Stroud didn't duck the reality of what had just happened: a 45-23 loss to archrival Michigan, which knocked Ohio State out of the Big Ten championship race, and perhaps the College Football Playoff, too. Despite his 349 passing yards, Stroud's chances for the Heisman Trophy -- the award many pegged him to win throughout the season -- also likely disappeared.

For all the incredible numbers he generated in two seasons as Ohio State's starting quarterback -- 7,775 passing yards, 81 touchdowns -- two losses will stick to his Buckeyes legacy.

"People are going to say I never won The Game, and I understand, people are going to say I never won the Big Ten championship, I understand," Stroud said. "When it comes to that, I just have to eat it. It's life. Nothing's ever been easy for me."

Stroud wasn't to blame for Ohio State's losses to Michigan the past two years. Michigan bullied the Buckeyes in 2021 and gashed them Saturday for five touchdowns of 45 yards or longer. But Stroud accepted responsibility, saying, "This game's really on me. I've got to do more."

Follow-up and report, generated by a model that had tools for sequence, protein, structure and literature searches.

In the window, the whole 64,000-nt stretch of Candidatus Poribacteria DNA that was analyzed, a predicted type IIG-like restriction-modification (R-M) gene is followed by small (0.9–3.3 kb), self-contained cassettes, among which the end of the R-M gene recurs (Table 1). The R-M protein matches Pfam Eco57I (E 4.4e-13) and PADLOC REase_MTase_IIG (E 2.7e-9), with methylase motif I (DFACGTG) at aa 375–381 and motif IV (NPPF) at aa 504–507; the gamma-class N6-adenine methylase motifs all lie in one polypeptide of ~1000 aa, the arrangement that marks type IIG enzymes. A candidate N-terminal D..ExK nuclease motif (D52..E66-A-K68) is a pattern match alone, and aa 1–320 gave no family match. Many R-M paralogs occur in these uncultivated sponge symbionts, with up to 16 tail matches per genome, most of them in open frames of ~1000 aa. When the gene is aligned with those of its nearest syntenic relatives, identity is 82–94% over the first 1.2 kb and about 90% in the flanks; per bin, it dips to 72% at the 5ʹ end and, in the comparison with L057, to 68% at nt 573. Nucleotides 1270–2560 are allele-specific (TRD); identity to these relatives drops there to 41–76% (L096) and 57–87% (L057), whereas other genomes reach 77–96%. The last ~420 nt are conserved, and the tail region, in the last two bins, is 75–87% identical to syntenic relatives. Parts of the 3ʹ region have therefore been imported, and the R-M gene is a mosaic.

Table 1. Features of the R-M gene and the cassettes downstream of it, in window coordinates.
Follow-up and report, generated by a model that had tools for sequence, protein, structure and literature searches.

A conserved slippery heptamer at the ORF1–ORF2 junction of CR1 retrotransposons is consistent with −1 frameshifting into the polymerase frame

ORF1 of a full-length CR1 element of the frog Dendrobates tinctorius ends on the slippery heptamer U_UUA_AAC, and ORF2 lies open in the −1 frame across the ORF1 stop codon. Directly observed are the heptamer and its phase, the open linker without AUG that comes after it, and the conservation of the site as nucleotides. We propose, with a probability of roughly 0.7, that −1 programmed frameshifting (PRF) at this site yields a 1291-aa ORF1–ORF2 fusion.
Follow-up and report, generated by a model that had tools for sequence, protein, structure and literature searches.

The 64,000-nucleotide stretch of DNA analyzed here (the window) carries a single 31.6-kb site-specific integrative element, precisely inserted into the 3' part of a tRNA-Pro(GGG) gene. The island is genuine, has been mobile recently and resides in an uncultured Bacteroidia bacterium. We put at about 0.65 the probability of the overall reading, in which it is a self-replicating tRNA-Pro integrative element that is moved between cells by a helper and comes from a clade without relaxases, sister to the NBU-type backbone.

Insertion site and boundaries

He said he prepared as hard as he could to beat Michigan after last year. Stroud said he "stopped living a personal life." He wouldn't take calls when watching film, even from his mother.

"There's no stone I didn't turn over to try to win this game," he said.

Projected as a top-five pick for the 2023 NFL draft, Stroud almost certainly played his final game at Ohio Stadium on Saturday. He hasn't decided whether he would participate in a bowl game outside of the College Football Playoff.

On Saturday, Stroud became the first Ohio State quarterback to eclipse 3,000 passing yards in multiple seasons. But what likely will be his final home start ended like his first last year against Oregon: with a loss.

"I came a long way, man, from my first game playing in The Shoe, being booed, everybody not saying very nice things about me," Stroud said. "I think I've earned everybody's respect as time has gone on, and I've fallen in love with Columbus, Ohio, and Buckeye Nation.

"So I've enjoyed every second of it. A lot of ups, a lot of downs, man, but I appreciate everybody that comes and supports every game."

-- Adam Rittenberg